3. Cross-country relationships

Having estimated our multicountry models, we are now in the position to examine our central issues. In this section we will test the validity of some cross-country restrictions among parameter values and look at the pattern of cross-country covariances; the next section will be devoted to the analysis of the information value of alternative monetary aggregates.

Cross-country restrictions and covariances are important in two ways. Firstly, they provide information on whether the conditions for aggregating money stocks at the European level are met. Roughly similar money demands across countries contribute to mitigate the aggregation problem, while negative error covariances tend to reduce the aggregate noise, thus making the estimation of an EC-wide equation more precise. Moreover, the two issues have an interest on their own, since they shed light on the degree of integration of money markets, currency substitution and capital mobility.

The results of some tests of cross-country restrictions among money demand parameters are reported in Table 5. Five hypotheses were tested: equality of the coefficient of the lagged dependent variable; equality of the short- and long-run elasticities with respect to nominal income; equality of the short- and long-run semielasticities with respect to interest rates. The table shows the percentage contained in the right tail of the relevant asymptotic distribution; values smaller than 5 thus indicate tests significant (i.e., hypotheses rejected) at the 5 percent significance level. The tests were computed both for the entire group and for a smaller one including only France, Germany and Italy; the distinction could be relevant because it is conceivable that the smaller group, composed by countries that have belonged to the EMS for the whole sample period, may display a higher degree of financial integration, and parameter homogeneity, than the larger one. 1/ Two tests were used: the likelihood-ratio statistic described by Judge et al. (1985) (page 475) and the F statistic, recommended as a better alternative in small samples.

Table 5.

Likelihood-ratio Tests of Cross-Country Restrictions

(Significance levels in percent)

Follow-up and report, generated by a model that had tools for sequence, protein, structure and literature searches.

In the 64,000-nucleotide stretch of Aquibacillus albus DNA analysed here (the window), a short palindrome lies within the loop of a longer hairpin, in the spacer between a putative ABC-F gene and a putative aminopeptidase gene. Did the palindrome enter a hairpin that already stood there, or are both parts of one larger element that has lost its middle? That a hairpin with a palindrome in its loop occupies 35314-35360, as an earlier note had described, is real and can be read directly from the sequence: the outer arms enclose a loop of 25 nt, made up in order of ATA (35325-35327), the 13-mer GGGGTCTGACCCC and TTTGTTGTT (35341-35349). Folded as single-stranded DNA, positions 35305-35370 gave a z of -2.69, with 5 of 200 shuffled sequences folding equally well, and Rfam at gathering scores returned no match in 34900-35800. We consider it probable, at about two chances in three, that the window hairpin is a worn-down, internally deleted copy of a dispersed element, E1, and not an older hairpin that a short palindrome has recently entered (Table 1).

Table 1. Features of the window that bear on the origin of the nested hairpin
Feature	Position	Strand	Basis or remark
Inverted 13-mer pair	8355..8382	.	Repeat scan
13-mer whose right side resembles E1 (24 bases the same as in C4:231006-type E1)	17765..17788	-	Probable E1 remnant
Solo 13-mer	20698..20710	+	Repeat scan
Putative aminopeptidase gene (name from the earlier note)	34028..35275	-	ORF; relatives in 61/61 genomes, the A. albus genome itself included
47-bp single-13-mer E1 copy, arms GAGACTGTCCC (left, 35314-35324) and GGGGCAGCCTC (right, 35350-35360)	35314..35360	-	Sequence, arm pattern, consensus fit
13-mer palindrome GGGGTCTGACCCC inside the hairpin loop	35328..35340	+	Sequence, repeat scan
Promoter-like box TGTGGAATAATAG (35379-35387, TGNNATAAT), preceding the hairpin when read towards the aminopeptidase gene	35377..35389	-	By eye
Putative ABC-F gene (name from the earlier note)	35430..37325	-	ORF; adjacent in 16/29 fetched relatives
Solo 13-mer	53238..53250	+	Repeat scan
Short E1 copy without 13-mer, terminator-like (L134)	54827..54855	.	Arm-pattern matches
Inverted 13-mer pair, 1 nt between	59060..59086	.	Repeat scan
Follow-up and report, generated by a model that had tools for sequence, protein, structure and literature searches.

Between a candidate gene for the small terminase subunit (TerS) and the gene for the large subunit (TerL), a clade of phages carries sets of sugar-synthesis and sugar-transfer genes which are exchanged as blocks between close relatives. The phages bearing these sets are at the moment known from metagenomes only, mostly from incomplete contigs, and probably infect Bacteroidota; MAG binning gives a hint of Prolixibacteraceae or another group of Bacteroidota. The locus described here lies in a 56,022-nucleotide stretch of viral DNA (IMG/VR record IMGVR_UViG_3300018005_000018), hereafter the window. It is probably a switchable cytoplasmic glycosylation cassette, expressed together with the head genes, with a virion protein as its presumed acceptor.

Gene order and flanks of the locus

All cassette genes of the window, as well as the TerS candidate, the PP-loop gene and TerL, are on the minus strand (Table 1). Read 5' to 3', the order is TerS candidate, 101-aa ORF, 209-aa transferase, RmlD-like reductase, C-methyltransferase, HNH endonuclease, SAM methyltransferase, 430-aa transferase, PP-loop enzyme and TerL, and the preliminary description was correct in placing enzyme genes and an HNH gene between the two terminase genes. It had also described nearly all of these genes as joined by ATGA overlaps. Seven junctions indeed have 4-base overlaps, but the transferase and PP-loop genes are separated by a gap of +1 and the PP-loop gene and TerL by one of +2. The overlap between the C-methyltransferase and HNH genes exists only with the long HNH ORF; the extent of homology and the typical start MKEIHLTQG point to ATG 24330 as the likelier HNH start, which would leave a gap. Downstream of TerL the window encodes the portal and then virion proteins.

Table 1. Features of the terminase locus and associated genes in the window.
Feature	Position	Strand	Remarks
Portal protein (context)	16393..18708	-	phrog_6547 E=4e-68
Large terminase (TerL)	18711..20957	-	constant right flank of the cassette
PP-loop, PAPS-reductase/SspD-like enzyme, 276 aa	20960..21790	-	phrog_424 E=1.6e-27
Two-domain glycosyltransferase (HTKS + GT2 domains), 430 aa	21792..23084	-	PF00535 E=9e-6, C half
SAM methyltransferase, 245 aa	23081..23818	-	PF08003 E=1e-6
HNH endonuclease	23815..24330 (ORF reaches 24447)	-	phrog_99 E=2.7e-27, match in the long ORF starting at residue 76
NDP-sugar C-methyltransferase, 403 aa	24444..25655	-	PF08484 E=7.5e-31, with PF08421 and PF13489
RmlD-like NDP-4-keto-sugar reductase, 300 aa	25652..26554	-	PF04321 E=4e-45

article image

In the main, homogeneity of money demands appears to be strongly rejected, for all money definitions. For the large group, the null hypothesis is refuted (at the 5 percent level) 100 and 64 percent of the times, respectively, for the F and likelihood ratio tests; the “core” EMS group, with, respectively, 96 and 56 percent, does not perform much differently in this respect. Parameter restrictions are more easily accepted on the lagged dependent variable and on the short-term income elasticity; those on interest rates are virtually always rejected. On the whole, although parameter equality is only a sufficient condition for exact aggregation (Pesaran et al. (1989)), the results of Table 5 nevertheless convey a note of caution on the aggregated approach to the estimation of EC money demand functions.

Indications along the same vein derive from the results on cross-country correlation coefficients, shown in Tables 6.a and 6.b. The data in Table 6.a are obtained from estimation over the entire sample (1982-90), while those in Table 6.b are computed from the last two years of the estimated residuals. The “t-statistics” reported in parentheses are the ratios of the coefficients to an asymptotic approximation of their standard errors. 2/ The coefficients tend to be relatively high and positive for the income equations, revealing positive correlation of cycles and/or inflation particularly among France, Germany and Italy; correlation values are in some cases above 0.5 with “t-statistics” close to 3. On the contrary, correlation among the money equations, although in many cases negative as expected, is weak, and the “t-statistics” are generally well below 2. Again, therefore, on the basis of these results the conditions for substantial gain from aggregation do not seem to be met, neither for the nine-year period, nor apparently for the most recent two years.

Table 6a.

Cross-Country Correlation Coefficients of Error Terms 1/

(Based on 1982-90 sample period)

In parenthesis: ratio of the correlation coefficient to the inverse of the square root of the sample size.

Estimated from the system of narrow money demand equations. Estimates in the other systems are roughly similar.

Table 6b.

Cross-Country Correlation Coefficients of Error Terms 1/

(Based on 1989-90 sample period)